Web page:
Port Adelaide simply never got going in 2016, missing the finals in disappointing fashion for a second straight year.
The Power are running out of time to prove 2014 wasn’t just a flash in the pan, but have they done enough to deliver on their promise and get back to September football?
Let’s have a look at the list changes made in the off-season.
Additions: Todd Marshall, Sam Powell-Pepper, Joe Atley, Willem Drew, Peter Ladhams, Brett Eddy, Jarrod Lienert, Emmanuel Ira (draft).
Subtractions: Alipate Carlile (retired), Jay Schulz, John Butcher, Kane Mitchell, Paul Stewart, Cam O’Shea, Sam Colquhoun (delisted).
What happened last year?
The first five weeks of 2016 were a clear indication that the dominant Port of 2014 weren’t coming back anytime soon.
A complete non-performance in the Showdown, as well as embarrassing losses to GWS and Geelong had the Power well off the pace of their past selves and the top eight.
The club rebounded somewhat to sit at a respectable 6-5 at the halfway point of the season, but the club couldn’t string together consecutive wins in a spluttering second half to the year that saw them finish 10-12 and in 10th place.
With the team reportedly tight against the salary cap, Port Adelaide were virtually dormant in the trade period.
The Power took part in one deal – a draft pick swap with Sydney – and while this didn’t bring in any established recruits, it did see them select twice in both the first and second rounds of the draft.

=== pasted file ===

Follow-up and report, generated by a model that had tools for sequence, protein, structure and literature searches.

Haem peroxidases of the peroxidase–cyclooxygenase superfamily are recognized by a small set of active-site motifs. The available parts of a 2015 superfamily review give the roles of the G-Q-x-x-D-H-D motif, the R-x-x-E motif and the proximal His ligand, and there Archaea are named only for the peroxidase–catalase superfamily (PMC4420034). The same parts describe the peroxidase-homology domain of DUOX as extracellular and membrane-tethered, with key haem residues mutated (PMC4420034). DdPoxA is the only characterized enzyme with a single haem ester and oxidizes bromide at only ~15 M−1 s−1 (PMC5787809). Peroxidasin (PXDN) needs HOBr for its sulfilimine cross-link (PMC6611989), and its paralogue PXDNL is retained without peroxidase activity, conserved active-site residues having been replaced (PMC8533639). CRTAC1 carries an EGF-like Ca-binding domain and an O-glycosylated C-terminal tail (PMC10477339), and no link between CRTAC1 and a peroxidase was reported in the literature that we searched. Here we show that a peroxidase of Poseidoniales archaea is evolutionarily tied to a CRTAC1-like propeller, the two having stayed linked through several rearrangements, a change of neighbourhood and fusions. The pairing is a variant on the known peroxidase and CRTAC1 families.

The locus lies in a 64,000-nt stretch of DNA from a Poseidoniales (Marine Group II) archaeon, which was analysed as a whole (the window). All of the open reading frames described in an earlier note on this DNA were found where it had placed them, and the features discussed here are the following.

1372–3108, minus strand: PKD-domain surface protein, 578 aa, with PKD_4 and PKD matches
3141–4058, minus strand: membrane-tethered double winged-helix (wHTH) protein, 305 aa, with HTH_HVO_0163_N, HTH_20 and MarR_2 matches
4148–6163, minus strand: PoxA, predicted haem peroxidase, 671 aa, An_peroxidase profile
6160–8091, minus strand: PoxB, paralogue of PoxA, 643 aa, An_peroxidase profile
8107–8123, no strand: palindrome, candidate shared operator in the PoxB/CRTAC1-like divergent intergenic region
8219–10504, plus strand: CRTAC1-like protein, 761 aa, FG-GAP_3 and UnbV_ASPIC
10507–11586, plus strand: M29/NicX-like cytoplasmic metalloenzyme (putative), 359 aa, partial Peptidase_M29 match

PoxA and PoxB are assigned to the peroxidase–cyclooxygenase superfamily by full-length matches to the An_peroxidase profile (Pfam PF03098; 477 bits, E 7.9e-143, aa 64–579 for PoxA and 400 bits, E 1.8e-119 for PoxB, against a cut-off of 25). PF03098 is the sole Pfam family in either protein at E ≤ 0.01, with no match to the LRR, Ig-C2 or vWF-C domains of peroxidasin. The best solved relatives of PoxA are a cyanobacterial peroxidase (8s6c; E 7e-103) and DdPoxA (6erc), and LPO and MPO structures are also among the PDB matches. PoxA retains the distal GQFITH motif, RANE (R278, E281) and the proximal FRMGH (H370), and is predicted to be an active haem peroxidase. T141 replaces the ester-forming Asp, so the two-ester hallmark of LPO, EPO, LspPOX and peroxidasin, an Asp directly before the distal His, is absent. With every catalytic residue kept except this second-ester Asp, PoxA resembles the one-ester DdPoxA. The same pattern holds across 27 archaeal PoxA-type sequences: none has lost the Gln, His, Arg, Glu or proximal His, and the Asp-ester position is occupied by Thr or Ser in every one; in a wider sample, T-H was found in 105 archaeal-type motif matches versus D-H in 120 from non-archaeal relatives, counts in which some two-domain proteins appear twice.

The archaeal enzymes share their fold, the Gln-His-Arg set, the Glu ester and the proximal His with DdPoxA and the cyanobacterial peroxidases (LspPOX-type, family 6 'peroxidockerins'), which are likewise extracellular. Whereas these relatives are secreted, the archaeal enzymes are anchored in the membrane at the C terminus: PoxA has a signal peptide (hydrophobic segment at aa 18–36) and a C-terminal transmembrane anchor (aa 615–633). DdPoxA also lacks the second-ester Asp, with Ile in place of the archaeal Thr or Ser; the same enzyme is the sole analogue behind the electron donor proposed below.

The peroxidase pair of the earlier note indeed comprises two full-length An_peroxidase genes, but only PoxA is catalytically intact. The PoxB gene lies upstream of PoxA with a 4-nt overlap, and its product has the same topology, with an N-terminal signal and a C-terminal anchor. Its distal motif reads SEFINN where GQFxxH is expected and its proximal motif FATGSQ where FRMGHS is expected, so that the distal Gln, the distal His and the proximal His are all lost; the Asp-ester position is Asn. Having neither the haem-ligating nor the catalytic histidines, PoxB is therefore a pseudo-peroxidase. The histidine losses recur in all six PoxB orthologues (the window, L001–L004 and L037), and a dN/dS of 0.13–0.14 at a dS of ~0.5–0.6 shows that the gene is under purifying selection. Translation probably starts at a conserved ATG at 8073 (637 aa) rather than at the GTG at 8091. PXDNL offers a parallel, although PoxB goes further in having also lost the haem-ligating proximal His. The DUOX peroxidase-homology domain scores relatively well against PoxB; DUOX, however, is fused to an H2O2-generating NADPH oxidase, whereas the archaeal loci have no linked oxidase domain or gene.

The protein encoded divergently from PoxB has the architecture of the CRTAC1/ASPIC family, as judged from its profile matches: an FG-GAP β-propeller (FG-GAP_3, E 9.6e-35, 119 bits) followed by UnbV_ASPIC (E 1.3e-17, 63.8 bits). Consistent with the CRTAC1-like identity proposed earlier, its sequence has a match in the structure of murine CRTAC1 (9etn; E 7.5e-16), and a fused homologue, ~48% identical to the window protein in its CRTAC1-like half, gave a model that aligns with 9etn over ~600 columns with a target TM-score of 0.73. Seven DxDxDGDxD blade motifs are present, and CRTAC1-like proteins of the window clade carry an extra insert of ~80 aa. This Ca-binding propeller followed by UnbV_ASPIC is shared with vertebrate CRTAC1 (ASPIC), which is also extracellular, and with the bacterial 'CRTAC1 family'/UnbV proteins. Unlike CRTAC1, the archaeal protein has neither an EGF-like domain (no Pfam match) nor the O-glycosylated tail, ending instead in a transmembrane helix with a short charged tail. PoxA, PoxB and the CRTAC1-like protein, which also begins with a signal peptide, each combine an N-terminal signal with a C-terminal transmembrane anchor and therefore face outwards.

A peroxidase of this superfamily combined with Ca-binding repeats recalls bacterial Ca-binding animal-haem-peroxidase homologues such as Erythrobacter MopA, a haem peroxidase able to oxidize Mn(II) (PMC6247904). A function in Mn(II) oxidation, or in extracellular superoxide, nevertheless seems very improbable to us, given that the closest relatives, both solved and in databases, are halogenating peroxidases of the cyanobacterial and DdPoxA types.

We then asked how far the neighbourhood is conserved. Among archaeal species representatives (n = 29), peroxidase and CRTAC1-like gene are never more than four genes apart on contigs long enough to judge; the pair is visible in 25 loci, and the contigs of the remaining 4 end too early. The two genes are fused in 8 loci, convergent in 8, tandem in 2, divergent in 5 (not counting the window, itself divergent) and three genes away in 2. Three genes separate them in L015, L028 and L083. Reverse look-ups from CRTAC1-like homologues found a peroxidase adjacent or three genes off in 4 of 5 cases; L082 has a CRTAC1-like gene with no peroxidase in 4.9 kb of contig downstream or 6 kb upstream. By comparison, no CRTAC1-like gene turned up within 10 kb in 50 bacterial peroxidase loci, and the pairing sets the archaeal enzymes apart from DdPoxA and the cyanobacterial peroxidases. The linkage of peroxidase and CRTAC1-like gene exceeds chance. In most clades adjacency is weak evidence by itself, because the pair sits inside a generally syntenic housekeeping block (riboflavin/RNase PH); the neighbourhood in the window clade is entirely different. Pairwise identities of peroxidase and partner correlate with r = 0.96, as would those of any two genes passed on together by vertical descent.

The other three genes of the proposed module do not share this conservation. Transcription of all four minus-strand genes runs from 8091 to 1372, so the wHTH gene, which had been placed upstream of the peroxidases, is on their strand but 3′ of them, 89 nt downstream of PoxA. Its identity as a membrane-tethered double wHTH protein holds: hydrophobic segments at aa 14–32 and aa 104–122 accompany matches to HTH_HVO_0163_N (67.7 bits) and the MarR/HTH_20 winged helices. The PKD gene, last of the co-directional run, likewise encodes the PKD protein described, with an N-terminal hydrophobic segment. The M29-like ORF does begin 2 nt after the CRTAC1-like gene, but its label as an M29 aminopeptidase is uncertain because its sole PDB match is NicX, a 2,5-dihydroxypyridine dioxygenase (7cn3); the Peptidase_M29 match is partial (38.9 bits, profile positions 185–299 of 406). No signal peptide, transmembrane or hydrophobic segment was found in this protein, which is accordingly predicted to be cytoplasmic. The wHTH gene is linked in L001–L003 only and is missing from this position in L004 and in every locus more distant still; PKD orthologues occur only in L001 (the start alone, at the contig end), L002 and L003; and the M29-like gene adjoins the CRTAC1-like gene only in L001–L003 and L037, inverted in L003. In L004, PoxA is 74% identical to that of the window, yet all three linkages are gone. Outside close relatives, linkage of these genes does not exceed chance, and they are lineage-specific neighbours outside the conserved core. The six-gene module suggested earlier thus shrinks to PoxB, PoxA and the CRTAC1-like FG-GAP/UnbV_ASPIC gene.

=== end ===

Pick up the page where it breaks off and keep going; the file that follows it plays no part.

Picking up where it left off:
The Essendon ASADA suspensions saw Port Adelaide lose both Paddy Ryder and Angus Monfries last year, and while there were murmurs that Angus Young’s emergence had the club looking to ship off Monfries, both will make their welcome return to the line-up this year.
What needs to happen in 2017?
If they’re to have any hope of improving in 2017, Port Adelaide must use the ball better.
Much of the Power’s stat sheet makes for surprisingly pleasant reading considering they’ve missed the finals for two years straight. They averaged the second-most clearances per game in 2016 despite having easily the worst hit-out differential (-21!) in the competition.
As far as other averages-per-game, the club also finished fifth in inside 50s and third in tackles.
Despite a turnaround in fortunes, the contested possession and uncontested possession numbers Port put every week are extremely similar to the ones they were notching during their scintillating 2014 campaign.
Ken Hinkley’s charges clearly put in a solid level of effort, but this has counted for naught on too many occasions because of league-worst disposal efficiency.
The Power’s disposal efficiency of 70.7 per cent put them at the bottom of the table last year, with the club also averaging 58 outright clangers a game – five more than the next worst offender. This rendered the impressive numbers Port put up elsewhere on the stat-sheet to nothing but bookkeeping.
Port only plucked marks from 74 (ten contested) of their 200 kicks a game. Their 55 entries inside 50 a game only yielded ten marks. Only the Brisbane Lions got less bang for their buck with the boot in 2016.
For all the hard work the Power put in around the ground, they continually find themselves battling their own skills just as much their opponents, and not even the best game plan in the world will save them if this doesn’t improve dramatically.
Ryder and Monfries will add a bit more to the team than people may realise in 2016, the boost they provide in the ruck and up forward mean nothing if their teammates can’t hit targets.